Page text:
Now, he's got to understand that the consequences of going that step further and using chemical weapons would, as Hillary Clinton has made clear and president Obama made clear that would invoke a completely different response from us. I think, though, we've got to be looking for ways to try to bring this ghastly conflict to an end.

O'BRIEN: But what, you have said that to Piers Morgan, you said we need to ramp up pressure on Assad and I think there are people in the state department who said we've been trying to do that. What needs to be done?

BLAIR: Well, I think we are. But, I think we've also got to look at ways now that we give support to the Syrian opposition, especially around this notion of how you protect certain parts of the territory for them and really just send a signal to Assad that this will only have one outcome. The important thing here is that is to show that in the end it is a matter of time. It's when and not if. Now, there are also, I think, signs that for Russia and China, I think they would be prepared, possibly, to look at a way you could manage an outcome of this, so that you get some form of agreement that --

O'BRIEN: Provide asylum, we're getting him out --

BLAIR: But I think for the rest of the world, such are the consequences of this disintegration are happening, most people look at any reason to get him out, to get a new form of democratic constitution in, and then try and stabilize the situation.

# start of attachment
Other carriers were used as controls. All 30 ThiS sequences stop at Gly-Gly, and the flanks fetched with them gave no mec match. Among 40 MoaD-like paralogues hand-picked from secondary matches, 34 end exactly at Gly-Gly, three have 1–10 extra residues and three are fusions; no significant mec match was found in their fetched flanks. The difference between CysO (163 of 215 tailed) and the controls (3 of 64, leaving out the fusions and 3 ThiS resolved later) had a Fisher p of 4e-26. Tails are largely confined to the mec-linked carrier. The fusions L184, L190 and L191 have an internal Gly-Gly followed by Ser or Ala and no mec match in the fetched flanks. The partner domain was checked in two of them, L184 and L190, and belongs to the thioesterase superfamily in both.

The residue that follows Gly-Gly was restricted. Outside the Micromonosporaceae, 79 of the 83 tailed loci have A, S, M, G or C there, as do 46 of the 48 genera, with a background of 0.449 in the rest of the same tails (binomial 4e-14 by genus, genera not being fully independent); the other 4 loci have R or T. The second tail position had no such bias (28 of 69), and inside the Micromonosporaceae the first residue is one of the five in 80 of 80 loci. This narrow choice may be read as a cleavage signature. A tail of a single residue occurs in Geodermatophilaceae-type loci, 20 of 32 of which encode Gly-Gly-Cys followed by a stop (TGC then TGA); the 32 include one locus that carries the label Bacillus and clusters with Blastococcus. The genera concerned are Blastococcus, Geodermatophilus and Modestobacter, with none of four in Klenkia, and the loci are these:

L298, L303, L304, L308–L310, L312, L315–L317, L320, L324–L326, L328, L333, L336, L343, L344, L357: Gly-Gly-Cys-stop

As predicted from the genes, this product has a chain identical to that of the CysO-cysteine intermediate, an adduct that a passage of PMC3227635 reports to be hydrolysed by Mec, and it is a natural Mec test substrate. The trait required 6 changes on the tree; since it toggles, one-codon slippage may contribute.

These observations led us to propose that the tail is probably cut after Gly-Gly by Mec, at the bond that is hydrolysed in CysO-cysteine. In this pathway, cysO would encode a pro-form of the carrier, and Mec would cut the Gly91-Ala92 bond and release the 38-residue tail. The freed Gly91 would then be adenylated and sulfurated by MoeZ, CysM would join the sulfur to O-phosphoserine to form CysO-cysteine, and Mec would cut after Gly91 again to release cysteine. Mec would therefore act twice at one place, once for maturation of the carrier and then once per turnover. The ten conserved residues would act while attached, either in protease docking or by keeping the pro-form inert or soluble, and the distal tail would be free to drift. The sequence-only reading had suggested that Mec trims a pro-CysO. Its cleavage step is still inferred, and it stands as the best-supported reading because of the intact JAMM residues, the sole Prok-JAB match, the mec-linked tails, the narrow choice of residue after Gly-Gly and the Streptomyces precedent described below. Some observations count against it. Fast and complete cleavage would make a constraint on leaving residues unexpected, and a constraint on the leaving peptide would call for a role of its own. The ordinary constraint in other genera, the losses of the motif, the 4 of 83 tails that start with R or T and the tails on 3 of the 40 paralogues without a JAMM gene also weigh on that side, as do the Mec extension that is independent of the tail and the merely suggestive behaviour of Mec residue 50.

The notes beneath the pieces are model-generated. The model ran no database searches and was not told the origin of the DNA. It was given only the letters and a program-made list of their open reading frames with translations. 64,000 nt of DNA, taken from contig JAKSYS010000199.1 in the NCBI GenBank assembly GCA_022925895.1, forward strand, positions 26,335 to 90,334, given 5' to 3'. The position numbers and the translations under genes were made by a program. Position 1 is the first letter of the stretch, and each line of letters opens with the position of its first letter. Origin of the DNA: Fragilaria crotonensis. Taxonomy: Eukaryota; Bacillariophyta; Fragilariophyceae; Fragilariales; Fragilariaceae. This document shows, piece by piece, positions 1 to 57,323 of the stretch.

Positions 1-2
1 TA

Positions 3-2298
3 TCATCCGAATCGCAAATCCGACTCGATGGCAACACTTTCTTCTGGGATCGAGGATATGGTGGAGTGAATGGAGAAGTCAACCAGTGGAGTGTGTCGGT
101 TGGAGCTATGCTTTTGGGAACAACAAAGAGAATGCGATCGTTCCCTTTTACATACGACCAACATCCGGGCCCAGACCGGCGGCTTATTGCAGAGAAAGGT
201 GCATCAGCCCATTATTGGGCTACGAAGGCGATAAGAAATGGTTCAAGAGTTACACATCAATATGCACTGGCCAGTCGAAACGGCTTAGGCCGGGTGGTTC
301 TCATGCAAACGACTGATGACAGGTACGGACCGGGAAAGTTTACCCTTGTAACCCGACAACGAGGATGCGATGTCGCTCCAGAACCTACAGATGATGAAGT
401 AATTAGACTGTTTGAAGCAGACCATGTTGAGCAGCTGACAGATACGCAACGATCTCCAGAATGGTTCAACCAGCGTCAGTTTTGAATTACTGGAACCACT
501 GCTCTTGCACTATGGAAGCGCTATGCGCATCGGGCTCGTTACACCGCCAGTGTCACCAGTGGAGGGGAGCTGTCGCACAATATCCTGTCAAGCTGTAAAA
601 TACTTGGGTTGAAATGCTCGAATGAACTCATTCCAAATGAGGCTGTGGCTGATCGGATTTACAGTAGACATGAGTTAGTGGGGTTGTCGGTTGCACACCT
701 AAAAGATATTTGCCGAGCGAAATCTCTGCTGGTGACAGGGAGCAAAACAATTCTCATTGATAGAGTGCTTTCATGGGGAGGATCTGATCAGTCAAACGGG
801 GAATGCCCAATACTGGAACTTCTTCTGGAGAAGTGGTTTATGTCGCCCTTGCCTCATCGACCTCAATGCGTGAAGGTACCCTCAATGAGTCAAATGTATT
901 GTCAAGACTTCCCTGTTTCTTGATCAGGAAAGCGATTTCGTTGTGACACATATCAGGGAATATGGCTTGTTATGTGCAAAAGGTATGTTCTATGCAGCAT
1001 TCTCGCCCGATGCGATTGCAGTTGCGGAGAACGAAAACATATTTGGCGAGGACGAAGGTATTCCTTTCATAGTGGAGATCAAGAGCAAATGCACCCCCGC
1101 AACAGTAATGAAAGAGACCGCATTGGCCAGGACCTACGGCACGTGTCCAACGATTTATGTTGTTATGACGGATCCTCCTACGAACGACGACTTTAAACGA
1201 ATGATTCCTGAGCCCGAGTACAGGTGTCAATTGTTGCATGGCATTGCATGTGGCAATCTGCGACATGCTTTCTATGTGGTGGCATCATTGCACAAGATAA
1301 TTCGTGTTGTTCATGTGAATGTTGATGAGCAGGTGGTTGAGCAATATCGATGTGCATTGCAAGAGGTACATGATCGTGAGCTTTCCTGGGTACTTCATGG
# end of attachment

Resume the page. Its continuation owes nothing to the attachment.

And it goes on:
O'BRIEN: I'm going to make a very sharp turn to talk about something much more joyful, which is the news of the oil baby, whose birth is impending. We know that Catherine is in the hospital now. What is the -- what's it like in, in London, in Great Britain, with this kind of news? People must just be going insane.

BLAIR: Well, you know, Britain loves the royal family. So, and people are very happy, very joyful. They're a very popular young couple, and this is great news for them. And you know, also, really actually, when the economy is a little tough, and when times are a little tough, this is news that cheers everyone up.

O'BRIEN: It's nice to be able to talk about the royal bun in the royal oven as opposed to talking about the fiscal cliff, for example. British Prime Minister Tony Blair. It's nice to have you with us this morning. We certainly appreciate your time.